May 29, 2024

‍The Culmination of Bitcoin's Native Extension Technologies - Interpreting the BEVM Taproot Consensus Technical Yellow Paper


On May 20, 2024, the BEVM Bitcoin Layer2 development team officially released the technical yellow paper titled 'Taproot Consensus: A Decentralized BTC Layer2 Solution.

The yellow paper provides a comprehensive description of how Taproot Consensus is implemented and how it combines Schnorr signatures, MAST, Bitcoin SPV nodes, and other native Bitcoin technologies to construct a fully decentralized BTC Layer2 solution.

After thoroughly reading the paper, the author was struck by the realization that the Taproot Consensus solution proposed by the BEVM team is truly the culmination of Bitcoin's native extension technologies. Taproot Consensus does not modify or add to Bitcoin's codebase in any way. Instead, it ingeniously combines several major native Bitcoin technologies through innovative composition, with a simple yet elegant approach.

Before delving into the interpretation of the yellow paper, it is necessary to review the history of Bitcoin's technical evolution. This will help us understand how Taproot Consensus emerged organically from Bitcoin's development trajectory.

Main Content

I. The History of Bitcoin's Technical Evolution

October 31, 2008

Satoshi Nakamoto published a paper titled "Bitcoin: A Peer-to-Peer Electronic Cash System," formally proposing a complete technical implementation of Bitcoin.

In Chapter 8 of the paper, Satoshi mentioned a solution called Simple Payment Verification (SPV), a technique that allows users to verify payments without running a full Bitcoin node, by only storing block headers.

January 3, 2009

Satoshi mined the genesis block on a small server in Helsinki, marking the official birth of Bitcoin.

It is worth noting that in Bitcoin's original codebase, Satoshi used the Elliptic Curve Digital Signature Algorithm (ECDSA) instead of the more Bitcoin-suitable Schnorr Signature algorithm. This was not because ECDSA was superior to Schnorr Signatures, but rather because Schnorr Signatures were not open-source at the time and were still under patent protection. Hence, Satoshi opted for the already open-sourced ECDSA.

Schnorr Signatures retain all the functionalities and security assumptions of ECDSA but can overcome the limitation of Bitcoin's ECDSA framework, which restricts it to a maximum of 15 multi-signatures. Schnorr Signatures enable efficient aggregation of 1000+ addresses to jointly manage Bitcoin without impacting signature speed.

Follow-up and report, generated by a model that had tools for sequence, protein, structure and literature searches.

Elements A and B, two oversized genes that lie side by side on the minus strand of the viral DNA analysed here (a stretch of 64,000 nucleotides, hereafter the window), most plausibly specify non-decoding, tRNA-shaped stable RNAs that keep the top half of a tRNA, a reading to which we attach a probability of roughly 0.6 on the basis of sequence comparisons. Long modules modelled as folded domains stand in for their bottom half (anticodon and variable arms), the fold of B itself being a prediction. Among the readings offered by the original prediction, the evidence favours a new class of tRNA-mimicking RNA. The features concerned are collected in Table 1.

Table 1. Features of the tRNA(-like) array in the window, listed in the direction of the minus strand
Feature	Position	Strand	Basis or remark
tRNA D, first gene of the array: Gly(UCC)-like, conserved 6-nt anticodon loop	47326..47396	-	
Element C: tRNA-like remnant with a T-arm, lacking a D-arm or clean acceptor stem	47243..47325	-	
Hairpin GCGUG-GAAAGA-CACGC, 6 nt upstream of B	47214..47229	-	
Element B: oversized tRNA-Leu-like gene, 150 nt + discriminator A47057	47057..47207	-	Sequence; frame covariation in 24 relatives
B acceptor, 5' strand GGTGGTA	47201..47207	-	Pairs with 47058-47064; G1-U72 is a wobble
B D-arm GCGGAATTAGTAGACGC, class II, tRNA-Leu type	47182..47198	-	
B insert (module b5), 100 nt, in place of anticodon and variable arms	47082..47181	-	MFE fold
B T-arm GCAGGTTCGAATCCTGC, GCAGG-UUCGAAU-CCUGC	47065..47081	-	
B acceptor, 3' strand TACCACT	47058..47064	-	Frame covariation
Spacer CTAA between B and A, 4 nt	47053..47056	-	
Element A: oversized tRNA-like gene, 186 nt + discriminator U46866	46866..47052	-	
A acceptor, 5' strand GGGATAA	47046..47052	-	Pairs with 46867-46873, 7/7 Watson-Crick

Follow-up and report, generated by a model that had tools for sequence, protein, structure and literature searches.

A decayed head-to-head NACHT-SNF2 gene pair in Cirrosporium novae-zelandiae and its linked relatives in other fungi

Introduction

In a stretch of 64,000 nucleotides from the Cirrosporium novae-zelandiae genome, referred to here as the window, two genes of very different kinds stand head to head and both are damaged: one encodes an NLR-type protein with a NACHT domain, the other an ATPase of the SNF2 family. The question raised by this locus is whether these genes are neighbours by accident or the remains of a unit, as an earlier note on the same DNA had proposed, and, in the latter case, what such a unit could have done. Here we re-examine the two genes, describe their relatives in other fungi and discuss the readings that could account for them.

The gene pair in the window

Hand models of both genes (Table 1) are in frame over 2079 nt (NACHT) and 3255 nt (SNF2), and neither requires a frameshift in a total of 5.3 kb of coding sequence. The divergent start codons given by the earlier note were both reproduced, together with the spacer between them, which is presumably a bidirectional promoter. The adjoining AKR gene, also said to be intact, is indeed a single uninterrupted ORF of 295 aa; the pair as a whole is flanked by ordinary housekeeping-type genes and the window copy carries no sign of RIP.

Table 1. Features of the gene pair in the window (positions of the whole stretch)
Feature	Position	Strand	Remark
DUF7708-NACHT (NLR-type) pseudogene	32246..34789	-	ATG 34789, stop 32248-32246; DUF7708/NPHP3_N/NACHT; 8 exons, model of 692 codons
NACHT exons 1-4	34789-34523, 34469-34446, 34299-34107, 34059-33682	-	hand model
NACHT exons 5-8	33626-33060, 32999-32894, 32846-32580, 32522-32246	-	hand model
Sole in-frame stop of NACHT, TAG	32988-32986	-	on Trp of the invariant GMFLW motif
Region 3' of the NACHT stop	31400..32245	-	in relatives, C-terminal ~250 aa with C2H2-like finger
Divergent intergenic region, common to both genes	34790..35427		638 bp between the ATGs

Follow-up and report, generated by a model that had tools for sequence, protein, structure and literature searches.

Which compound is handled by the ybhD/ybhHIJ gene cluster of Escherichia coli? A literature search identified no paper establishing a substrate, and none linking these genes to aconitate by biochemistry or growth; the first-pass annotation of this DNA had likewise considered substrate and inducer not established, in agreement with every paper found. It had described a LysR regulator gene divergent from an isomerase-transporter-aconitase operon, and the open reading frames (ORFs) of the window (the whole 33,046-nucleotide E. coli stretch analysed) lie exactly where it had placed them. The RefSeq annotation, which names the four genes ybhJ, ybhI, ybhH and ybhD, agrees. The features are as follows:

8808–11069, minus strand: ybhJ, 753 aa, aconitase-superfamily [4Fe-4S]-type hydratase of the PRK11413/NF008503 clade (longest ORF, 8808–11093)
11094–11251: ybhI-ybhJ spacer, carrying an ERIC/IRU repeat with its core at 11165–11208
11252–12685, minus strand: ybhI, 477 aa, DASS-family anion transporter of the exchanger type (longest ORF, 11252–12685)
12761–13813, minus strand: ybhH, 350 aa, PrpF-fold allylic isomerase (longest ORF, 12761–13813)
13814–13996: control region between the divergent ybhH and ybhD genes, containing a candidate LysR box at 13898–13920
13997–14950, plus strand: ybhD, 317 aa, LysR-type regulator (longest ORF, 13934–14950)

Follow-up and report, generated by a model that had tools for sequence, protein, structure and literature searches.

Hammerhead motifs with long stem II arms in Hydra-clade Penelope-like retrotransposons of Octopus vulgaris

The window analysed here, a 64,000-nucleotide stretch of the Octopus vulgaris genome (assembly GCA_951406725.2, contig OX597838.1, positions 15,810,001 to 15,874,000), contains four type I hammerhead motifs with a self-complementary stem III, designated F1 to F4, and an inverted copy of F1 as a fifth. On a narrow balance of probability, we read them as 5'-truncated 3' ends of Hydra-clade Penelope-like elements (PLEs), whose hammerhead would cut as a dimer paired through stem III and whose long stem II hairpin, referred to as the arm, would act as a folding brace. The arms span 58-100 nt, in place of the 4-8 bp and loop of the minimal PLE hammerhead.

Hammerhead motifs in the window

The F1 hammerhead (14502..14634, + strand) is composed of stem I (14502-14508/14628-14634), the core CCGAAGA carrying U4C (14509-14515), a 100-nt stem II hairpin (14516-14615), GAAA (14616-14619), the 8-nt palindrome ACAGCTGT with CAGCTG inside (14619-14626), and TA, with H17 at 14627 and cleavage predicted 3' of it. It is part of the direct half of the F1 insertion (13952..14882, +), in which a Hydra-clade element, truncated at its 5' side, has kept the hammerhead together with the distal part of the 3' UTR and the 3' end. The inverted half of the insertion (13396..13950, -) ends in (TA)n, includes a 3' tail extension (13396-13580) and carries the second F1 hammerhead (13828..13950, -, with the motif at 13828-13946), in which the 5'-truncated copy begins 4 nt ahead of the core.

After years of extensive verification, Bitcoin core developers like Gregory Maxwell formally proposed a Bitcoin Improvement Proposal (BIP) to introduce Schnorr Signatures into the Bitcoin network.

November 14, 2021

Bitcoin officially completed the Taproot upgrade, formally incorporating Schnorr Signatures into the network, ushering in a new era of decentralized multi-signatures for Bitcoin.

In addition to Schnorr Signatures, the Taproot upgrade also introduced Merkelized Abstract Syntax Trees (MAST), a technology that enables Bitcoin to possess smart contract-like capabilities. MAST organizes the logic of multi-conditional contracts into a Merkle tree structure, allowing Bitcoin's codebase to execute functions similar to smart contracts (albeit limited to payment verification and distinct from Ethereum's complex smart contracts).

Schnorr Signatures can enable 1000+ multi-signature addresses for Bitcoin, while MAST can drive these Schnorr multi-signature addresses through Bitcoin's codebase, effectively realizing a decentralized multi-signature network for Bitcoin without human intervention.

This means that Bitcoin can shed a layer of trust constraints and enable more complex and varied business scenarios on its Layer2.

The Taproot Consensus solution proposed by the BEVM team is precisely the culmination of Bitcoin's technological evolution from 2008 to 2021.

II. Overview of the Taproot Consensus Solutions

The Taproot Consensus technical yellow paper begins by stating: "Bitcoin's non-Turing-complete nature limits its ability to directly implement Layer2 extension solutions similar to Ethereum's Rollups. Bitcoin's script contract layer can only perform simple transfer operations and cannot support more complex smart contract functionalities. Therefore, it is infeasible to construct a Layer2 extension solution solely based on Bitcoin's script layer."

This opening paragraph succinctly highlights Bitcoin's non-Turing-complete nature and the limitation of its script contracts to only execute transfer operations. It suggests that the correct approach for Bitcoin's expansion is not to modify its base layer but to leverage its existing capabilities to construct a fully decentralized Layer2 extension solution.

Taproot Consensus achieves this by combining Bitcoin's Taproot technology (Schnorr Signatures and MAST), Bitcoin SPV light nodes, and the BFT PoS consensus mechanism to build a decentralized and highly consistent Layer2 network.

III. Detailed Explanation of the Taproot Consensus Architecture

The Taproot Consensus solution proposed by the BEVM team comprises three components: Schnorr+MAST, Bitcoin SPV, and Aura+Grandpa.